Now that President Obama has unveiled his budget, some 65 days late, it’s worth remembering one of the ironies of history. One of the most corrupt presidents—Warren Harding—gave us one of the great reforms, the Budget and Accounting Act, that led to the creation of the Office of Management and Budget. After World War I, Republicans were eager to control government spending, and the idea of taming it with a department that would review proposals and set a deadline for the president to submit his own budget gained credence. Now, as then, we’re dealing with the budget woes caused by war. OK, we do have the additional cleanup from tax cuts and a financial crisis.
So what’s in this tome? Lots of programs get cut: The Environmental Protection Agency's state indoor radon grants? Gone! High-intensity drug-trafficking areas, Office of National Drug Control Policy? Pretty much gone. A bunch of math programs at the National Science Foundation get cut, as does the Presidio Trust that helps preserve and develop the beautiful park in San Francisco. Tons more programs get increases or instituted, from vocational ed programs to nine-figure sums to get state and local governments to cut electricity use. Do they really need to be bribed to spend less?
Because this budget is going to get worked over and taken apart by a Republican House and sclerotic, filibuster-happy Senate, the budget is pretty much a wish list, more useful for what it says about Obama than for predicting what we’re going to end up with. You’ll see a lot of stories about the aggregate size of $3.7 trillion. But here are the things that are really worth knowing:
1. Cigarettes helping kids grow. The president’s budget includes a big preschool initiative paid for by doubling the cigarette tax. Can the president get it through Congress? It’ll be tough. Tobacco taxes are high, and if Republicans are going to give on various deductions, this may be tough to handle.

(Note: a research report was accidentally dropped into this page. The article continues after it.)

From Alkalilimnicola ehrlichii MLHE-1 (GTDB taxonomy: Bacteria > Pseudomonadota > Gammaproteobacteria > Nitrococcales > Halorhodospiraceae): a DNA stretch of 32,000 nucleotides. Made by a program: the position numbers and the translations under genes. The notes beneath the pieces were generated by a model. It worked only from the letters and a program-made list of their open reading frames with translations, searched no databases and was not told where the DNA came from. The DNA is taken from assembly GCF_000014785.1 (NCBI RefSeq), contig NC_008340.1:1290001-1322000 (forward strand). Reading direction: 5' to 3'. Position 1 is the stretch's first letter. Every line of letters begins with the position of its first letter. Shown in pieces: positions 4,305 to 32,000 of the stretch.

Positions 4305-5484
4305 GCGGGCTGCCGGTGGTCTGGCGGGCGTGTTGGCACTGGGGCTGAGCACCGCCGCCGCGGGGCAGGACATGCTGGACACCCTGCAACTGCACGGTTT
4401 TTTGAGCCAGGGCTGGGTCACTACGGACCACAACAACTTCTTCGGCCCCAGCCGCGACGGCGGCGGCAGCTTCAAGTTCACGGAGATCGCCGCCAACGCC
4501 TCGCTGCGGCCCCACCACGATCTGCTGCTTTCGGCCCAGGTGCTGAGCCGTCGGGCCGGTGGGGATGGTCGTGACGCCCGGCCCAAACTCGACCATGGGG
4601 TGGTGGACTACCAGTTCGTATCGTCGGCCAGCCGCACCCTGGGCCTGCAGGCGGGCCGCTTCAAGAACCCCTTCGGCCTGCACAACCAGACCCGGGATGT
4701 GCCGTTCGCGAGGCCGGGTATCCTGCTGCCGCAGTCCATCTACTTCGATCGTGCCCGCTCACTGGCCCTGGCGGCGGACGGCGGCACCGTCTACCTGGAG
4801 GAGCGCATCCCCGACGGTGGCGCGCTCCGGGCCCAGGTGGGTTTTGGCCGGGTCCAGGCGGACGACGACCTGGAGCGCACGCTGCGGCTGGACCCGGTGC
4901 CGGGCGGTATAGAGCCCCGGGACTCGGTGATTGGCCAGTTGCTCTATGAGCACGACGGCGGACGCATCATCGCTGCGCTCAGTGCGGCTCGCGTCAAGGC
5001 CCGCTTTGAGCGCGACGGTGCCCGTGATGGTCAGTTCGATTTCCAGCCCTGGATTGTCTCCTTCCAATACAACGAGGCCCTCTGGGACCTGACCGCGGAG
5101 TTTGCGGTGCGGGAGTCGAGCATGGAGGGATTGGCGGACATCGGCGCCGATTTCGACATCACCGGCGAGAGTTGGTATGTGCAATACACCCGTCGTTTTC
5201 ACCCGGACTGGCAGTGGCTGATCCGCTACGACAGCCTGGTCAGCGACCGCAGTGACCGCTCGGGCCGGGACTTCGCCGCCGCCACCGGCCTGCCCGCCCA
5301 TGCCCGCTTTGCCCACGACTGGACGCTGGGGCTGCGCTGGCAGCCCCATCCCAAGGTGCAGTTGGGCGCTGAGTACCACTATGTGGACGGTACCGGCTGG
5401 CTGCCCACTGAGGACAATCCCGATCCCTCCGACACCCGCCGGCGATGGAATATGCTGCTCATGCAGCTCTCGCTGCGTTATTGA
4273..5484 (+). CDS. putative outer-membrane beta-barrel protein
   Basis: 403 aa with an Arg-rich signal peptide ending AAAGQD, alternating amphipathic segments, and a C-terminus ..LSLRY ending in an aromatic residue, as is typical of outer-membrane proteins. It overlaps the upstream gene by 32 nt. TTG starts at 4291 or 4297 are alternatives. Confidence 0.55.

2. Hiking taxes on wealthier folk. Well, after raising taxes on individuals making over $400,000 and families making over $450,000 earlier this year, Obama comes back trying to raise $580 billion for deficit reduction by limiting high-income tax benefits. Obama would implement the "Buffett Rule," requiring that households with incomes over $1 million pay at least 30 percent of their income (after charitable giving) in taxes. He’d limit the value of tax deductions and other tax benefits for the top 2 percent of families to 28 percent, reducing these tax benefits to levels closer to what middle-class families get.
3. There’s asteroid money! This gem from the NASA budget: "Pursues Innovative Approach to Visiting an Asteroid. The Budget includes $78 million for NASA to develop needed technologies and study alternative approaches for a robotic mission to rendezvous with a small asteroid—one that would be harmless to Earth—and move it to a stable location outside the Moon’s orbit." Would be surprised if this Bruce Willis movie doesn't get trimmed.
4. Remember Jack Kemp? The late Republican was the proponent of enterprise zones that sought to help poor areas by cutting taxes. Bill Clinton talked empowerment zones. Now Obama wants to create "promise zones" to rebuild high-poverty communities across the country by attracting private investment to build housing; improve educational opportunities; provide tax incentives for hiring workers and investing within the zones; reduce violence; and assist local leaders in navigating federal programs and cutting red tape. Republicans and Democrats love these policy approaches, so this one could get through.
5. That Social Security measure is big but not that big. $230 billion in savings from using a chained measure of inflation for cost-of-living adjustments throughout the budget. But that’s not until 2023. This year’s budget alone is $3.7 trillion, so such savings are a tiny number compared with the tens of trillions that will be spent over the next decade. Democrats are howling, but some version of this will get through.
6. Hillary didn’t do so well. Hillary Rodham Clinton may have been The Greatest Secretary of State Ever in Our History (according to some), but the State Department takes a 6 percent hit in its budget, although it contains some increases for embassy security, which she long championed during her stint as secretary. Eric Holder’s Justice Department sees a 3 percent hike, with more money for counterterrorism and for state and local crime-prevention programs.
7. TARP winds down. It’s been more than two years since the Troubled Asset Relief Program has issued new loans and guarantees. Now it’s going out of business. Obama brags that "TARP’s banking programs have generated a positive return for taxpayers, with over $268 billion recovered for taxpayers as of December 31, 2012, compared to the $245 billion originally invested in banks. The progressing economic recovery and the Administration’s prudent management have resulted in an estimated lifetime TARP cost of $47.5 billion, significantly lower than the $341 billion cost originally estimated for the program in its first year." Hey, loan me a few billion and I'll get you a return. The rest of us weren't so fortunate.